The threat of a strike looms again over women’s football. The players have said enough after seeing that, three months after the announcement of the professionalization of Primera Iberdrola, the project is still on hold. “We do not know who the culprit is. Nobody likes to go on strike, but it seems that it is the only solution,” he said on Tuesday. Amanda Sampedro, Atlético captain, at the players’ press conference at the AFE headquarters. These are the keys to the conflict.
Third strike threat in two years
In November 219 the players already made a historic strike to claim a collective agreement. In other countries there were protests or claims, but a women’s league was never stopped before for this purpose. Women’s football stopped for a day and, seeing that the situation was once again entrenched, they put another stop on the table three months later. In the end they called him off ‘in extremis’ on February 14, 2020, five days before the agreement was signed that established, among other things, a minimum salary of 16,000 euros gross per year and the possibility that the players that they finish the contract and stay pregnant can renew for one more season under the same conditions. This time the stoppage is due to the slowdown in the launch of the first professional women’s league, announced on June 15. “We are tired of not having the conditions we deserve. Last weekend we made 30-second stoppages, this week a statement and this press conference. If necessary, we will have to go on strike,” he said. Silvia Meseguer, vice president of the AFE and Atletico player.
The Association of Women’s Soccer Clubs (ACFF) described as “a new act of abuse and persecution” of the Spanish Football Federation (RFEF) the sanctions imposed on clubs of the First RFEF for not wearing their anagram in matches, including the subtraction of three points to Levante, Real Sociedad and Villarreal, and the fines to Rayo Vallecano, Betis and Valencia for not carrying identification either. “The RFEF must assume once and for all that the First Division of Women’s Soccer is, since last June 15, an official competition of a professional nature, and that its role during the process of constitution of the professional league is limited to assume in a provisional and limited way certain aspects of management and coordination of the competition “, valued the association of clubs.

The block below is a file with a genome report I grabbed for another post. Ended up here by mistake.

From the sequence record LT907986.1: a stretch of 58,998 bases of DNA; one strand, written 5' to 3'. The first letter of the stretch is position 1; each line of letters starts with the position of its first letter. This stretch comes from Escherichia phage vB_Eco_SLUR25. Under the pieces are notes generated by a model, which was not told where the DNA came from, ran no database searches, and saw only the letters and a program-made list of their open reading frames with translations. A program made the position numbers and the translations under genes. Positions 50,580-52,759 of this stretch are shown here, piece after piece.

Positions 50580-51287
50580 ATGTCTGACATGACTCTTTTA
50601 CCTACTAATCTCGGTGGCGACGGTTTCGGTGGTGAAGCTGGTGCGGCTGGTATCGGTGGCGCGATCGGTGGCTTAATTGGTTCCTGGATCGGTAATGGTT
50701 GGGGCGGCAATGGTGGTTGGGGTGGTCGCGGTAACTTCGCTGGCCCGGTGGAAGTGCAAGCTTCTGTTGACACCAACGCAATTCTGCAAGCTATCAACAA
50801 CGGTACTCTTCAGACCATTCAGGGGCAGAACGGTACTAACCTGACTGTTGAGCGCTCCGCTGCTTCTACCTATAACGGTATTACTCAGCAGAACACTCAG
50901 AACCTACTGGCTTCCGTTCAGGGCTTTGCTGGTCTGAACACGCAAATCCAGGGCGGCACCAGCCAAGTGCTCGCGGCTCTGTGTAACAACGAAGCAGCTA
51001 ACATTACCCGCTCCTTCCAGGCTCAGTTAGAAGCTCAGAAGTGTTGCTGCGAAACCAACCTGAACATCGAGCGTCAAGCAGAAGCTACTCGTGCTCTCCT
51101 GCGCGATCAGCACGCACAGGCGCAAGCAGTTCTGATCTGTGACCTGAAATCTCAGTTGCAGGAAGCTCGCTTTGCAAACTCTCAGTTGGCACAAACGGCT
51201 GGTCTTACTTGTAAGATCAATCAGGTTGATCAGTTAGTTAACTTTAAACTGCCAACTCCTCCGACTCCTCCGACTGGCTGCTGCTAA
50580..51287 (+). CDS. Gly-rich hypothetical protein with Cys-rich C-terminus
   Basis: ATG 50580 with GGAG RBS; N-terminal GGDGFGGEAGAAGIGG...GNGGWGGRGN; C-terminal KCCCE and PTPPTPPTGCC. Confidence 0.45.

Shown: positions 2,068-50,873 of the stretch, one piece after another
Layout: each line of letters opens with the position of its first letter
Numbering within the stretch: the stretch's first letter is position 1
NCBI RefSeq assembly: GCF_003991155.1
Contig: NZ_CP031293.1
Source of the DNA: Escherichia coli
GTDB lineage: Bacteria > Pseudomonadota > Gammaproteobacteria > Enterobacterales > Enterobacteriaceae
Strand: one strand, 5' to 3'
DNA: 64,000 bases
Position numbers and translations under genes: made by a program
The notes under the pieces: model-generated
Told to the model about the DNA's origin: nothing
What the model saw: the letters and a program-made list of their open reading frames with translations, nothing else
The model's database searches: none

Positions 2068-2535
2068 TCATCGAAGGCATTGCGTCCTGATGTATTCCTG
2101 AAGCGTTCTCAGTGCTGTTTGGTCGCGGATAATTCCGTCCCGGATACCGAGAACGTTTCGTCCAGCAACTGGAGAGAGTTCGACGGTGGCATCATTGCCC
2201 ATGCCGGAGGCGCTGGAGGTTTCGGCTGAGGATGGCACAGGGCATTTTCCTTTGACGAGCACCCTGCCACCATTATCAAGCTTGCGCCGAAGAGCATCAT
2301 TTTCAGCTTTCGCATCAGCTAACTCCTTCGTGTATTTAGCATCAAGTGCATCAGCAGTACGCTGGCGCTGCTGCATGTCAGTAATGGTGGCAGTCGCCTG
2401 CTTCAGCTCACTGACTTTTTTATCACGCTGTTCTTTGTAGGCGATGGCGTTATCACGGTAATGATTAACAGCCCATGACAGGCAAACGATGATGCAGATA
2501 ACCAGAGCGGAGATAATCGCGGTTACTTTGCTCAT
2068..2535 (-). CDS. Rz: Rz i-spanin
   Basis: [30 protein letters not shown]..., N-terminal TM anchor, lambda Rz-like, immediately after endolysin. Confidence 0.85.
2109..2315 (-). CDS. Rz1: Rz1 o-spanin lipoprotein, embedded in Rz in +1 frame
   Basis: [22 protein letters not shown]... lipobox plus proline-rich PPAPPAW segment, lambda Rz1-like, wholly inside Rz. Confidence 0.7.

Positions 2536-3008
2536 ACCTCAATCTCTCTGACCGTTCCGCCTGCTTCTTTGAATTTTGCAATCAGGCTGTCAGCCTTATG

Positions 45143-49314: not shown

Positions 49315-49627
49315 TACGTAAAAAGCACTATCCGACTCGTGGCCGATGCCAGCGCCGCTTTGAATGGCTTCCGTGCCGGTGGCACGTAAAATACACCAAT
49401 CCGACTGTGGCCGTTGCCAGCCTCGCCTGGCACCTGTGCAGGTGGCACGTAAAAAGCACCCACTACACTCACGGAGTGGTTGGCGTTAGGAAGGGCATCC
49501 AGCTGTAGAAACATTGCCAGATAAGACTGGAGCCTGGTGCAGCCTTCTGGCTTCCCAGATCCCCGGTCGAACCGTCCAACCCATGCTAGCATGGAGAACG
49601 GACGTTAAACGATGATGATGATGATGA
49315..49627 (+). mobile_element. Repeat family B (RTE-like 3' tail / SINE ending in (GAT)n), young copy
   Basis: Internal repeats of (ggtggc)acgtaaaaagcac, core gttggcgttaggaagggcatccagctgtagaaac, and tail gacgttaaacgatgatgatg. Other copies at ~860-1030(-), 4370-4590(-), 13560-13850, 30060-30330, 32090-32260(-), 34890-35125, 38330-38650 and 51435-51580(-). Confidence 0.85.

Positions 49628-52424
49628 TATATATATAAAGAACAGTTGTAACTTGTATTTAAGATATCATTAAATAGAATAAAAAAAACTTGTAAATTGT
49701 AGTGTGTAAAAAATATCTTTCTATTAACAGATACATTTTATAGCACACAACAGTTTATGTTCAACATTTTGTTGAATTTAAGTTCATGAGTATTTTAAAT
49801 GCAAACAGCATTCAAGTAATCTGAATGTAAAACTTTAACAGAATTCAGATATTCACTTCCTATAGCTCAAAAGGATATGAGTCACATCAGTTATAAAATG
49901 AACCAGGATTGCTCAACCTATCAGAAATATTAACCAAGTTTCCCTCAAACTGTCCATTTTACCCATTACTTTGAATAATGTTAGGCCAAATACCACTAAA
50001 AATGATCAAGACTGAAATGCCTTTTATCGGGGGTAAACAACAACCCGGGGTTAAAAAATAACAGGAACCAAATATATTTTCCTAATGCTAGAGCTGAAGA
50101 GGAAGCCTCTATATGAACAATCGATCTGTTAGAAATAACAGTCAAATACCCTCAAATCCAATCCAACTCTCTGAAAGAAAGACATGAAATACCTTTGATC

The Primera Iberdrola players made stoppages during the first 30 seconds of the matches last weekend “in protest of the situation they are experiencing” in view of the blocking of the professionalization process of the competition. At present, 12 Primera teams defend a proposal against the one proposed by Barça, Athletic Club and Real Madrid. These three teams did not have representatives at the press conference in which the AFE made public the threat of a strike, although according to the association the players of these three clubs had been informed in a previous meeting. Madrid CFF for the moment remains on the sidelines of both sides while the CSD claims a unanimous position. “The clubs must present a single proposal of Statutes for its validation. For our part, all the facilities have been deployed,” the Secretary of State for Sports, José Manuel Franco, commented last week in the Senate.
Rayo players have been denouncing for weeks that their working conditions “are still not worthy of a First team.” The AFE, which already denounced the club at the beginning of the season for not paying the rent of the houses where the players resided, has also denounced the club for not complying with the occupational risk plan after the Chilean Camila Sáez suffered a blow and did not there would be a doctor to attend to her. “What we have experienced cannot happen, we do not have a minimum that if the professional league is made we tend. We want it and we ask for it. It could have been a cardiac arrest in a game or training and we do not even have an ambulance,” he pointed out. Paula Andujar, captain of the Lightning.
Eddie is an Australian news reporter with over 9 years in the industry and has published on Forbes and tech crunch.